Skid Row in downtown Los Angeles is one of its most shameful spots.  Thousands of homeless roam the streets in this scary 50 square block section of the city.  But finally, Los Angeles city officials are tackling this problem.  A delegation of Los Angeles leaders, including representatives from downtown Los Angeles’ business, law enforcement, and political organizations, travelled to New York’s Times Square on a "fact-finding mission."

New York famously cleaned up Times Square in the 1990s. More than $1 billion has been poured into the area for shelters, housing and cleanup. Times Square saw a 68% decrease in crime between 1992 and 2005. Once a cluster of sex shows and run-down buildings, it is now a bustling city center and tourist destination.

Can Skid Row learn from Times Square?  This 30-member delegation wanted to find out.

Of course, there are huge differences in these two areas.  New York’s Times Square has been world-famous for a hundred-odd years and is located in the middle of the city.  Skid Row is in an grungy dangerous part of town that Angelenos wouldn’t travel to for any reason, even if Pamela Anderson announced she was going to strip naked there on Friday night.  

Some wondered if the trip was really necessary at all.  After all, isn’t the man who "cleaned up" Times Square, former NYPD head William J. Bratton, now the Chief of Police of the LAPD?  Why not just take him out for lunch here in LA and ask him?  Why travel 3000 miles and spend our city’s dollars? 

But City Council members were adamant that this trip was necessary in order to learn what New Yorkers do right — and to find solutions to Los Angeles’ homeless problem.

I feel honored here at Citizen of the Month to be able to sit down with several members of the delegation, to discuss their trip — and what it could mean for Los Angeles.

Councilman Ed Cheatem (D) said,

"My assignment was to see as many Broadway shows around Times Square as possible.  I was especially impressed by the enthusiastic crowd at "Spamalot."  If Los Angeles was able to build several Broadway-sized theaters on Skid Row, imagine how that would help clean up the area?"

Asst. Police Commissioner Manuel Dinero disagreed.

"I saw "Spamalot" and wasn’t impressed.   The biggest problem facing Skid Row in Los Angeles is the lack of fine eating establishments, like they have here on Times Square.  I chose to eat dinner 3-4 times at Becco on West 45th Street.   To taste Lidia Bastianich’s Antipasto Misto, an assortment of marinated and grilled vegetables with assorted seafood, was a real eye-opener.  If we were to open an establishment like this in skid row, I would think our problem would be solved.   Most homeless people cannot afford to eat in a restaurant like this, so they would just move away to a place like Riverside or Oxnard."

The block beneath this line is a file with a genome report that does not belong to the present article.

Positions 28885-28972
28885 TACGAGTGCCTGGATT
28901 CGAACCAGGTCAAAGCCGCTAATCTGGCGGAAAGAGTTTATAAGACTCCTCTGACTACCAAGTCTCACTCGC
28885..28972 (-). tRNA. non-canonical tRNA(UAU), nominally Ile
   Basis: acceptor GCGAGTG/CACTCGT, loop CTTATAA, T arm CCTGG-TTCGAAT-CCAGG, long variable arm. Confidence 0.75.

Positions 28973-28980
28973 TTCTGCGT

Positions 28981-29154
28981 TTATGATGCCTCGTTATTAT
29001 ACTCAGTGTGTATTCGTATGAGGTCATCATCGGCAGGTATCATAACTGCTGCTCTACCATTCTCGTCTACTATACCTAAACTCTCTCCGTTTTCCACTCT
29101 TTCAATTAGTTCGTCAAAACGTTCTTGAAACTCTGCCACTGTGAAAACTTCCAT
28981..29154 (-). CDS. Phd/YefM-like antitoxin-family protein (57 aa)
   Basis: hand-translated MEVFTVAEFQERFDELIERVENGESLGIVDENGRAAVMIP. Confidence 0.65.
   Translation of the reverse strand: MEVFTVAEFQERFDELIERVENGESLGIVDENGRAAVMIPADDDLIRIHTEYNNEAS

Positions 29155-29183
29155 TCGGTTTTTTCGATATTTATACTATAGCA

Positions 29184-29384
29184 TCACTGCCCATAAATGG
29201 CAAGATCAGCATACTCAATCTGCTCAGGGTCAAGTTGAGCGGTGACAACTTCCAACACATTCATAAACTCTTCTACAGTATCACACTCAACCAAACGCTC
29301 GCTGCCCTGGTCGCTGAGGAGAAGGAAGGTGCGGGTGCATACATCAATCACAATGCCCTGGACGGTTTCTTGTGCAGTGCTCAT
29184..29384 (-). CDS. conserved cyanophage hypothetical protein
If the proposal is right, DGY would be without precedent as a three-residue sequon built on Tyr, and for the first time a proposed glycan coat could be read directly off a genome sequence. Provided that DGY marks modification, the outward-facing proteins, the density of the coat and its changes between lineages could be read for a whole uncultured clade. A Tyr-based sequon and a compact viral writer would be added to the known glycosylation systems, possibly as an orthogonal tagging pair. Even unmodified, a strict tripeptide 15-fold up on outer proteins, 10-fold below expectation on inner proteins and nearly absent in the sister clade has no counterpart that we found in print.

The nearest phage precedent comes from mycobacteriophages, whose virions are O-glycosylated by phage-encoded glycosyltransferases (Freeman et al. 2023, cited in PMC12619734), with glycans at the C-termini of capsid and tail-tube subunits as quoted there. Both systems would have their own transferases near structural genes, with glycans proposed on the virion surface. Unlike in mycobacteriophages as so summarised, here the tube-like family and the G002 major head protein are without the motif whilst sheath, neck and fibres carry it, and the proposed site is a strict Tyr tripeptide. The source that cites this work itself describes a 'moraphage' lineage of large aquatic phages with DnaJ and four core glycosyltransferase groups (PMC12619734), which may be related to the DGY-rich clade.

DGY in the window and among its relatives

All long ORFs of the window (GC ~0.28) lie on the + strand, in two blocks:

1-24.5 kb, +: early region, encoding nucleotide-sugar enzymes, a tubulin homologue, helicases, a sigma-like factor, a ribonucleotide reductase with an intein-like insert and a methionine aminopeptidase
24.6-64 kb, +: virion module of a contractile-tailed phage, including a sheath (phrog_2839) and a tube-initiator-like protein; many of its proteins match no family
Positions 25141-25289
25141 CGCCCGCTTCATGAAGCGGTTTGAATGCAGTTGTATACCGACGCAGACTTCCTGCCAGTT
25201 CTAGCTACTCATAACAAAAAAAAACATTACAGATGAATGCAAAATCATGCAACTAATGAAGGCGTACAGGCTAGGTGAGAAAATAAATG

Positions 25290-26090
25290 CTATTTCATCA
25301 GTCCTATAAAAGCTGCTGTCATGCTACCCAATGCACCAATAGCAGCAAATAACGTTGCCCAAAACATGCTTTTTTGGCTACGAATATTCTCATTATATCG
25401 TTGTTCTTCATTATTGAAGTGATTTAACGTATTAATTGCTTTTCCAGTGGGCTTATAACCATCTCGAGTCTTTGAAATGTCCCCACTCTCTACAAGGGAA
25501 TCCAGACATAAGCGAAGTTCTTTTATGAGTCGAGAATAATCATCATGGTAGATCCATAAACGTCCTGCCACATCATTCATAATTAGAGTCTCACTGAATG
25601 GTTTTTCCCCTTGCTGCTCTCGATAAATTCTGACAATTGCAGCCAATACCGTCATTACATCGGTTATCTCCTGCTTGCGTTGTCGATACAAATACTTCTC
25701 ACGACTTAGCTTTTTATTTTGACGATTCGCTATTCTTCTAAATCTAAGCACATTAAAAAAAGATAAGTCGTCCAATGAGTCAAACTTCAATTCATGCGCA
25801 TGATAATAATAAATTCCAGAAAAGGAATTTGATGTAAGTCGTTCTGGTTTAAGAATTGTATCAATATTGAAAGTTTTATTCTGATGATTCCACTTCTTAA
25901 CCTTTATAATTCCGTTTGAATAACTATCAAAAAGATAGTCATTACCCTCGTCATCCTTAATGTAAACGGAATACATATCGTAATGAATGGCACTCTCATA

Not everything for the delegation revolved around education and "fact-finding."  After all, they were in the "city that never sleeps."

State Senator Igor Misleadi said,

"I’m sure the taxpayers understand that part of our mission in New York was to behave like a typical upscale tourist, in order to learn ways to improve our Skid Row as a tourist destination."

It was State Senator Misleadi himself who chose the fashionable W Hotel, Times Square, as their home base.

"We definitely need one of these on Skid Row!" said downtown LA real estate developer Will Steel.

While most of the group went out "clubbing" during their second night in New York,  Los Angeles Administrative Officer David Embezzlo and former Council Supervisor Mario Fraude, remained in the hotel, continuing with their work.  As part of their research, they asked two high-priced hookers to come to their rooms.  They were eager to learn what differentiates upscale New York hookers from the prostitutes on Los Angeles’ Skid Row.   Knowing that finding streetwalkers is impossible in visitor-friendly Times Square, they chose instead to deal with an escort service that operated from the Upper East Side. 

Supervisor Fraude spoke about his findings: 

"The fact that these women had to travel to Times Square did nothing to hamper their abilities to perform their services.   I was very impressed.  The obvious difference between these upscale New York hookers and their Skid Row counterparts is that these New Yorkers were much more attractive.   I also felt less fear of catching some disease.  Although their prices were a tad high for a typical county supervisor’s salary, I would say that a New York hooker puts a great deal more effort into her blowjob than the typical prostitute on Skid Row."

Administrative Officer Embezzlo agreed.

"I really learned a lot during this "fact-finding mission" to New York.  I’m hoping we gain as many insights during our upcoming "research" trip to Paris."